Fibroblast growth factors (FGFs) comprise a family of 22 distinct proteins with pleiotropic signaling functions in development and homeostasis. These functions are mediated principally by four fibroblast growth factor receptors (FGFRs), members of the receptor tyrosine kinase family, with heparin glycosaminoglycan as an important cofactor. Developmental studies in chick and mouse highlight the critical role of FGF-receptor signaling in multiple phases of limb development, including the positioning of the limb buds, the maintenance of limb outgrowth, the detailed patterning of the limb elements, and the growth of the long bones. Corroborating these important roles, mutations of two members of the FGFR family (FGFR1 and FGFR2) are associated with human disorders of limb patterning; in addition, mutations of FGFR3 and FGF23 affect growth of the limb bones. Analysis of FGFR2 mutations in particular reveals a complex pattern of genotype/phenotype correlation, which will be reviewed in detail. Circumstantial evidence suggests that the more severe patterning abnormalities are mediated by illegitimate paracrine signaling in the mesoderm, mediated by FGF10 or by a related FGF, and this is beginning to gain some experimental support. A further test of this hypothesis is provided by a unique family segregating two FGFR2 mutations in cis (S252L; A315S), in which severe syndactyly occurs in the absence of the craniosynostosis that typically accompanies FGFR2 mutations.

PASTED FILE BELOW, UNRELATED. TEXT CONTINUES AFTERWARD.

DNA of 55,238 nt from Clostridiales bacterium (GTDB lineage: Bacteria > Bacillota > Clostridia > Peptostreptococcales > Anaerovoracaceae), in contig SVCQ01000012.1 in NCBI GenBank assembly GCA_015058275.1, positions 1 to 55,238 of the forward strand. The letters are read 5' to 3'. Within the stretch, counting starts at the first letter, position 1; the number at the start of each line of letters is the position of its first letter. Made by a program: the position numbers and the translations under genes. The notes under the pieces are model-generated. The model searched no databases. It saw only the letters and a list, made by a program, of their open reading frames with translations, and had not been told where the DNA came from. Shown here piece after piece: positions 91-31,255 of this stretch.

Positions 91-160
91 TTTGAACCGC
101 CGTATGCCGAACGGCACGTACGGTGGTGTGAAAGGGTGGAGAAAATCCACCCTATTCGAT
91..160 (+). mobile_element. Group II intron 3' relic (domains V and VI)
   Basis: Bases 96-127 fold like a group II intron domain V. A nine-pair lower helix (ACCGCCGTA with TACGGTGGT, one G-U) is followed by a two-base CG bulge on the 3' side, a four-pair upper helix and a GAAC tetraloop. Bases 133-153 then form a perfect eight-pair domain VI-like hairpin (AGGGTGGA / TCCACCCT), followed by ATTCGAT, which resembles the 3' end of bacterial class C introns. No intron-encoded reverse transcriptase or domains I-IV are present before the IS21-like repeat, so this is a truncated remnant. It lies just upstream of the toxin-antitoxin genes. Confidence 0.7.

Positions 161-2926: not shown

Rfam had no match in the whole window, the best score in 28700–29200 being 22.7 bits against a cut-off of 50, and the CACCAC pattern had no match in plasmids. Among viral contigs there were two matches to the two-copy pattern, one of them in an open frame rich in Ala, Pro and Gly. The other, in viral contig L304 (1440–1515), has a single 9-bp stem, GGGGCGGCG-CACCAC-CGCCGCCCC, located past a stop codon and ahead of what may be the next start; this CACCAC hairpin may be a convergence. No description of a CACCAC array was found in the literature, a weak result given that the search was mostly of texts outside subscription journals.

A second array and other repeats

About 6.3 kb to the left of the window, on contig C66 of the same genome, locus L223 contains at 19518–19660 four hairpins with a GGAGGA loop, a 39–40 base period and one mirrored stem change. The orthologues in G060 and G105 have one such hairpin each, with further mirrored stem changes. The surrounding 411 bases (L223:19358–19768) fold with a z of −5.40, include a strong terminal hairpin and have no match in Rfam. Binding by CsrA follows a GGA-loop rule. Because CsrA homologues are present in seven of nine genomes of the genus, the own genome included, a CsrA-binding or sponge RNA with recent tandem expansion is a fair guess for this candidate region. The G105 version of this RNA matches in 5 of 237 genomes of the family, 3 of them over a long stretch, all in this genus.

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American Journal of Medical Genetics
Department of Clinical Genetics